The share drop - the biggest for Tesco since 1988 - sent ripples through the rest of the retail market, with Sainsburys, Wm Morrison and Marks and Spencer all losing share value, albeit by a lesser degree.
Philip Clarke, Tesco’s chief executive, blamed the poor results on “a challenging economic environment” and “long standing business issues” which he claimed the business was in the process of addressing.
“The Big Price Drop is an important first element in this process but there is much more we can do to further improve our shopping trip for customers and we are determined to move faster. We will say more in our Preliminary Results announcement in April,” he added.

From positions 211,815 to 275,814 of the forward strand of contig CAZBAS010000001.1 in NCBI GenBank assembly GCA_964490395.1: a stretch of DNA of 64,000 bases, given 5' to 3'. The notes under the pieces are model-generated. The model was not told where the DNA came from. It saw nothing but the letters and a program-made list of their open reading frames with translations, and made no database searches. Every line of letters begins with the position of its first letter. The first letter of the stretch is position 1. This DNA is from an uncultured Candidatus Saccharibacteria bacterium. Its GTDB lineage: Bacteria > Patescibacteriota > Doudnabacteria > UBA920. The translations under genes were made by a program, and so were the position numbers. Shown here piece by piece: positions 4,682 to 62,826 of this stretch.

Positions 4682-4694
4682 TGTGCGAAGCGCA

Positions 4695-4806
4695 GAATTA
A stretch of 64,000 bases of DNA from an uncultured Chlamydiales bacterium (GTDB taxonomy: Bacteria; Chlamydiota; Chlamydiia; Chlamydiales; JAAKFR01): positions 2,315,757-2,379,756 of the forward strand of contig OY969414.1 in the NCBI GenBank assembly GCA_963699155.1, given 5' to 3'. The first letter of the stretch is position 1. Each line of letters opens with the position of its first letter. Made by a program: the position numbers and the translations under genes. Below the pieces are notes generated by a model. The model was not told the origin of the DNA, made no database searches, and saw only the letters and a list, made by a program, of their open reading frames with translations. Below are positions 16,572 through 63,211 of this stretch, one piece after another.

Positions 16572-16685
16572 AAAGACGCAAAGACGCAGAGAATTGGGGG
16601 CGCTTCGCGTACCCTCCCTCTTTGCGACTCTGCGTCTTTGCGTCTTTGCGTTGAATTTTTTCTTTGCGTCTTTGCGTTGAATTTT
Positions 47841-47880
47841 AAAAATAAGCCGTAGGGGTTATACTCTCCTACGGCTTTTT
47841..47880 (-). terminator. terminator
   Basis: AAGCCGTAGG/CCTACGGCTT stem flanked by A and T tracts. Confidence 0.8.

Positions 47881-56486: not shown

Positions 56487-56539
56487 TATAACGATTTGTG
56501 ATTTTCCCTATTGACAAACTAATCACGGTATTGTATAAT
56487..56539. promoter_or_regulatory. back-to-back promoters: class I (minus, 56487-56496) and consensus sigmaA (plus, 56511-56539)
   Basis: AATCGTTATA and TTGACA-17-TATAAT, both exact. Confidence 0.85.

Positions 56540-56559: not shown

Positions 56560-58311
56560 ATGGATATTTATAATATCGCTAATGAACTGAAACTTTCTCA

Tesco’s performance over the Christmas trading period was below that of its rivals, with Morrisons achieving a 0.7% growth and Sainsbury’s reporting a 1.2% growth. Research from Kantar Worldpanel released earlier this week revealed that Tesco’s market share has slipped from 30.5% a year ago to 30.1%, while Asda and Sainsbury’s have increased their shares to 17.2% and 16.7% respectively and Morrisons has held onto its market share.